Park(ing) Day NYC, as part of a larger international movement, supports the conversion of parking spots into people-friendly public spaces for the day. Park(ing) Day engages citizens, artists, and activists to create discussion around how public space is being allocated and to allow people to reclaim a piece of the city temporarily.
I headed out to Flatbush at 7:00 am to await the arrival of the sod that would transform the black pavement into a large rectangle of space soft enough for babies to stretch their little limbs. And stretch—and paint and cry and drum—they did. The site was located in front of the public library, across the street from a public playground, and within a block from the local elementary and middle schools. Needless to say, kids were the main participatory constituency.
We had a thoroughly entertaining puppeteer, Ronny Wasserstrom of Playdate Puppets, with us throughout the day, delighting babies and accompanying parents alike. Stephanie Huffaker from Garbage of Eden Design was working all day with children, up-cycling costumes made from newspaper and markers. Louise Bruce from Compost for Brooklyn, a new community composting site and native plant garden on Newkirk Avenue, was providing information on composting and took all our cardboard waste with her at the end of the day. The grass drew in most of the crowd, as people were invited to stay and snack on donated treats from the Flatbush Food Co-op and relax in the sunshine. Sustainable Flatbush Energy Solutions Director Jocelyn Cohen gave demonstrations on solar-powered generators. To close out the day’s programming, Richie Barshay provided us with some beats and melodies as the sun began to lower.
I had never heard of Park(ing) Day before participating in this event. As I talked with people who dropped in because they were curious about the crowd or the fact that people were literally laying in the street (protected by a lattice and a cone perimeter!), I realized that the intent behind Park(ing) Day was not necessarily obvious. We were situated directly in front of the public library which has a “public plaza” taking up much of the corner of Argyle and Cortelyou roads. Without any kind of seating or inviting elements, the plaza is unfortunately a barren, under-utilized potential source of public space that is sorely needed in the Flatbush community. Throughout the day, I interviewed students, parents, nannies, and community members about their thoughts on public space usage in the city. The results were resounding: more people-friendly space, with green if possible, is very much wanted and needed in the city. Their responses will be compiled in a short video documenting Sustainable Flatbush Park(ing) Day 2010, so check back for that post.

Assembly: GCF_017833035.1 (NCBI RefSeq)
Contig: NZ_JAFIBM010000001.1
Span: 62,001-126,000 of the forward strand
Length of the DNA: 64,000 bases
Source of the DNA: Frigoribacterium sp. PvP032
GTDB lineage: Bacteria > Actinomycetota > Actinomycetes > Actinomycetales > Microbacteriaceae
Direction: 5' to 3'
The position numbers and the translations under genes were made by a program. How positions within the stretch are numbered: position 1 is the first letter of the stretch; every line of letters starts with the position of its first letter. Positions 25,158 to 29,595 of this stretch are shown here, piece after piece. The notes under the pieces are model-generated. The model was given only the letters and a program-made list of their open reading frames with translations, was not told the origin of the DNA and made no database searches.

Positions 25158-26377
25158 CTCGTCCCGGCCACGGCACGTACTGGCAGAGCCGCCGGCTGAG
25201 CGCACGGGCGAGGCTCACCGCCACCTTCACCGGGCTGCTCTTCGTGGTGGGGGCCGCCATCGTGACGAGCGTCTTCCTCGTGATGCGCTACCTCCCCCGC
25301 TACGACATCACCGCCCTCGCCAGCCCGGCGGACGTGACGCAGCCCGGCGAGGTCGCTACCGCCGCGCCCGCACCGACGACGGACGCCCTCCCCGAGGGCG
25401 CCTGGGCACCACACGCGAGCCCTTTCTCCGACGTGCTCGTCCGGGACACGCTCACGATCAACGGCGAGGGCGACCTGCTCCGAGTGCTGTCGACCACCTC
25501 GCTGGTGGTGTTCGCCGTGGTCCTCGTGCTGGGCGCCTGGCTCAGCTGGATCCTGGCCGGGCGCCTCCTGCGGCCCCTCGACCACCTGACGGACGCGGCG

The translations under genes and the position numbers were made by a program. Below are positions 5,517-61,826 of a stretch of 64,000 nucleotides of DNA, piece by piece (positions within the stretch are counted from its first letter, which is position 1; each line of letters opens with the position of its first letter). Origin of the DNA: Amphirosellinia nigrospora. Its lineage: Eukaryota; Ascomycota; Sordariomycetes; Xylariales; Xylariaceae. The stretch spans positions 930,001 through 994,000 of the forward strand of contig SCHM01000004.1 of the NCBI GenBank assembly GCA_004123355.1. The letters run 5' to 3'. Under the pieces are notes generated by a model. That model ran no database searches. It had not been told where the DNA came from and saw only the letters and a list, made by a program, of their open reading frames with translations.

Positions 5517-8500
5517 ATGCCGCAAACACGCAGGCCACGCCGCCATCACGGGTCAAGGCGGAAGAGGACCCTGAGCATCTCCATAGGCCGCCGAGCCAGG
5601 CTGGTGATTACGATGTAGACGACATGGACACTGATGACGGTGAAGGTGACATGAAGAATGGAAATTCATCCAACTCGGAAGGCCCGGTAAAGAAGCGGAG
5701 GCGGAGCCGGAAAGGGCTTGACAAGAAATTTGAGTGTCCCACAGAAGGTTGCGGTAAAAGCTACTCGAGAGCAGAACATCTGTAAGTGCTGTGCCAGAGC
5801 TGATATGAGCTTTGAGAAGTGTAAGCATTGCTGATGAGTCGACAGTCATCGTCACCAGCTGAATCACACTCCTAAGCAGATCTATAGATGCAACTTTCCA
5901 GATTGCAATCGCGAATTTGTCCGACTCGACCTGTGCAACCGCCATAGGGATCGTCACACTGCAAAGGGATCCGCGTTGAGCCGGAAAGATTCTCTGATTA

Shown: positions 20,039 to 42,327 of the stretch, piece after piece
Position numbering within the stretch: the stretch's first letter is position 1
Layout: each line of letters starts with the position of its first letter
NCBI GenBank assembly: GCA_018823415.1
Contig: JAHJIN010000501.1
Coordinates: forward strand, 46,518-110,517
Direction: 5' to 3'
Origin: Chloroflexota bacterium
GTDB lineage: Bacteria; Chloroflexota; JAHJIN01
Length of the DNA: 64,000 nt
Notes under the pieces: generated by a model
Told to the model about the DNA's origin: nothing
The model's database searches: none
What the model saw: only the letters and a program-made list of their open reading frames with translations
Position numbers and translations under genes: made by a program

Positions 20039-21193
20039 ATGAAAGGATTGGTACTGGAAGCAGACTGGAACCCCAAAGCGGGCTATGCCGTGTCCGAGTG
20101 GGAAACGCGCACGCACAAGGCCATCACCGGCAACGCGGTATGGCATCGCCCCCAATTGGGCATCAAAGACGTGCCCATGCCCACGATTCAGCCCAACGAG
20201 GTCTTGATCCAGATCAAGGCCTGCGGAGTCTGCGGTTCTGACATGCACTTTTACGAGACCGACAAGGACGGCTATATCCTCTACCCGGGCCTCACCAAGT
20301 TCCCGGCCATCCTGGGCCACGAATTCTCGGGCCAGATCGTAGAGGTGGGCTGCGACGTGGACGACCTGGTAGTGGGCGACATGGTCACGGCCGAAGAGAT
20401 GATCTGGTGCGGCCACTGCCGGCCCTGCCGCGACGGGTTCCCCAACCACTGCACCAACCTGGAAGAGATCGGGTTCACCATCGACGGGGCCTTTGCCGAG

As we rolled up the last of the sod, packed up the bikes, and swept the street, the parking spot gradually returned to an empty space with no visual remnants of the community engagement that had transpired. A unique event in the environmental/social justice movement, Park(ing) Day was not a fundraiser, nor a protest, but simply a fleeting reminder of the need for community interaction in a public setting. As Sustainable Flatbush continues to work on the Livable Streets Initiative, we will be thinking about how we can improve access to people-friendly streets to everyone.